Change…the only constant in life
by Gail Arno, CMC – ECM Director of Care Management
Change can mean so many different things in so many different ways to each of us. Some of us navigate the many changes in life with ease and comfort, nearly inviting change while others struggle mightily. Managing change is especially trying as we age, and the changes and challenges comes at us when we might feel the least physically and emotionally able to manage. Change can be at times a dirty word and yet it can also bring joy, happiness and a sense of rebirth and new opportunity to our lives.
Our clients often feel some discomfort and even added uncertainty with change, particularly when it comes to moving to a new home or location, meeting unfamiliar care support team members, taking newly prescribed medications, seeing different doctors and facing unknown surroundings. So much change can unnerve and overwhelm those who are already feeling anxiety, depression, and uncertainty in this ever-changing world.
Recently our clients, a wonderful and loving couple, faced some of the most challenging change our long-term partners face; separation due to illness and eventually the necessity to live in different locations due to their differing needs and their differing aging process. Sadly, the partner we chose years and even decades ago doesn’t always resemble the one we know now and so change becomes inevitable. Doing what is best for the individual and not the pair now differs from what had always worked so well for the both of them.
Our couple ended up living at different communities and we have worked diligently to make sure that they get to visit one another as frequently as possible. They continue to share laughs and meals and time together but as the visits end, they inevitably have to say their goodbyes and go their separate ways. Each being cared for to the level that suits and supports their own well-being and each making their way in a world unfamiliar to them. The connection is still there, the love and the devotion are still evident, but their lives have changed, and they are making the very best of a challenging situation.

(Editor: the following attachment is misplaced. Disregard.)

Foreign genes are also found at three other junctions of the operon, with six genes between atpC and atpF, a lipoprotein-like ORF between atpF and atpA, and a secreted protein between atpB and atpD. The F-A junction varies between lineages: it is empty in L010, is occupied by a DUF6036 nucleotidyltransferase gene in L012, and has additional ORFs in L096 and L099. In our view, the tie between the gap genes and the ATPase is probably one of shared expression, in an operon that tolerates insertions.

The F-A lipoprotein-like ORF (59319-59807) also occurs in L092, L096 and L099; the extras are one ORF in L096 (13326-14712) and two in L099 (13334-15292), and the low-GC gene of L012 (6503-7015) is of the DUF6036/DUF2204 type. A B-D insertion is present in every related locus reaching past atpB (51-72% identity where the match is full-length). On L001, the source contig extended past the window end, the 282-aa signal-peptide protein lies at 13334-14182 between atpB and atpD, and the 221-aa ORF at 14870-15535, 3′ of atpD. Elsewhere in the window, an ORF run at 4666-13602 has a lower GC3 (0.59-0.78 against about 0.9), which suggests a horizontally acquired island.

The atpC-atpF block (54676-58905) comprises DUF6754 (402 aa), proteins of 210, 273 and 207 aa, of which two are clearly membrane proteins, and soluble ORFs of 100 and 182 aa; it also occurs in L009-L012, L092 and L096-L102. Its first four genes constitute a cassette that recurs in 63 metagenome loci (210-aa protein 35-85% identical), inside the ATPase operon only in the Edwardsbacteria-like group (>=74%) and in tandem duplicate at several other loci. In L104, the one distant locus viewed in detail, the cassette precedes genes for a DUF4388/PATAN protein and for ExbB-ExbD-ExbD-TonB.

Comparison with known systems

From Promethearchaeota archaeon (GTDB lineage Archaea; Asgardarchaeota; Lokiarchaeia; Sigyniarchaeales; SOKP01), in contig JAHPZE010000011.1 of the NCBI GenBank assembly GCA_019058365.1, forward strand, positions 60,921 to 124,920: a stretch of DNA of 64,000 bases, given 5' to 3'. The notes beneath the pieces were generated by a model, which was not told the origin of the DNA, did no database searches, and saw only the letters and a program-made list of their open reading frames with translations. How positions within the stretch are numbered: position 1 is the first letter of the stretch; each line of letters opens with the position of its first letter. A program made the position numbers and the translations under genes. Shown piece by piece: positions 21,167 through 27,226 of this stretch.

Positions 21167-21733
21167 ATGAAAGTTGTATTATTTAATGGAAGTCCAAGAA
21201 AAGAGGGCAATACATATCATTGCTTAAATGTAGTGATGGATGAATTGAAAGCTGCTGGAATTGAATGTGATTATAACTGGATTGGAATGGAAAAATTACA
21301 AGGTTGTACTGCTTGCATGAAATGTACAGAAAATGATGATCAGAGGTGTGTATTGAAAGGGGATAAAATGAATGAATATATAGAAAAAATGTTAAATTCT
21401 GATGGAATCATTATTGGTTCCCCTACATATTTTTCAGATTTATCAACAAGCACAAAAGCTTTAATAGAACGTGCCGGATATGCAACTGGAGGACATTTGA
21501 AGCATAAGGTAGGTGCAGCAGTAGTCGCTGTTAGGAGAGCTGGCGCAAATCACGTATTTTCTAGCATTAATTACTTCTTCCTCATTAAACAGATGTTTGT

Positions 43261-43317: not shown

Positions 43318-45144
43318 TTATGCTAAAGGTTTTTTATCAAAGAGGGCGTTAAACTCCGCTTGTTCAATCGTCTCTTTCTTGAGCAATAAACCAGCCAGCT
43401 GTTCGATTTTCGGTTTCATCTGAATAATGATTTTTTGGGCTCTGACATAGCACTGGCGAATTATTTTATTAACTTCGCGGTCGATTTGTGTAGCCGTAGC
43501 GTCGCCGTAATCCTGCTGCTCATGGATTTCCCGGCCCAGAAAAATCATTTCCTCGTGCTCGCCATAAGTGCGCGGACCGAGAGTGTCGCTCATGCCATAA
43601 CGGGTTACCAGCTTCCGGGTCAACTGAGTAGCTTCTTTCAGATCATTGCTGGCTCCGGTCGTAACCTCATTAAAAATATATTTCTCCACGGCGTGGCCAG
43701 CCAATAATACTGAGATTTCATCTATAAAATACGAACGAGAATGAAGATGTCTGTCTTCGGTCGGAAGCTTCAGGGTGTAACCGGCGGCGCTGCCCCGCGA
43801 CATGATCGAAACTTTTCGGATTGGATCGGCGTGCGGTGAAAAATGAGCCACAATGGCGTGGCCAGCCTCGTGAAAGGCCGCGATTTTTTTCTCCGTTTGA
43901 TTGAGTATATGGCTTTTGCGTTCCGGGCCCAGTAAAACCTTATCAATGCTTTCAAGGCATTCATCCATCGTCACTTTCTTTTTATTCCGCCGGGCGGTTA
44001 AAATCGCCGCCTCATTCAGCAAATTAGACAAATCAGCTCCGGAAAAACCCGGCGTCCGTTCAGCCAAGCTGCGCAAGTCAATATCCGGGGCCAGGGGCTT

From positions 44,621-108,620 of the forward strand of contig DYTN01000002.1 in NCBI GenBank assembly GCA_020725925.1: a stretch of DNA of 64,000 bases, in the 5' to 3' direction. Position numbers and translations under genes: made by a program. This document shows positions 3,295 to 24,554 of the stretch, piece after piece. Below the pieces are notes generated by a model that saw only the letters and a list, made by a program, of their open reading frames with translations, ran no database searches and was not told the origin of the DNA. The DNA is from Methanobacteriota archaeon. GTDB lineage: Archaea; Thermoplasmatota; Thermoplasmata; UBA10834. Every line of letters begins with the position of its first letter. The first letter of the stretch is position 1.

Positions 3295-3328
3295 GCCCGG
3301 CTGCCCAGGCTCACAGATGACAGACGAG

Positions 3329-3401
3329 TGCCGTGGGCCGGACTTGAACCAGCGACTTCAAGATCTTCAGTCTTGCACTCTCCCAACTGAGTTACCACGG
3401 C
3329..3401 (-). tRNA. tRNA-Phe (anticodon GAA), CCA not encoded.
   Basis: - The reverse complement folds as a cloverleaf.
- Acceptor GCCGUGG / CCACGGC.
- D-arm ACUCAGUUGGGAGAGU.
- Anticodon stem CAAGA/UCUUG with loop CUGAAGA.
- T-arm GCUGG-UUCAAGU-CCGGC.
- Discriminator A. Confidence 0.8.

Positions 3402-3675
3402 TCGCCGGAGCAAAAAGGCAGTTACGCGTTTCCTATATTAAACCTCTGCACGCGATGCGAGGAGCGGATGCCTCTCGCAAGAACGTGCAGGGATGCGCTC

With support, a little extra planning, and some good communication our couple is transitioning and making the best of a tough situation. Their circle of support has grown, their time together is all quality time and they get the chance to connect in a way they hadn’t connected before. Embracing the change and making the very best of a challenging situation is what the doctor ordered, and their new supportive friends and professionals are making things happen. It isn’t easy but the effort is worth the return when they reconnect each time and the smiles on their faces explode and the joy in their hearts is nearly visible to all who know them. While change is certainly a constant in life, it can actually be a very good thing.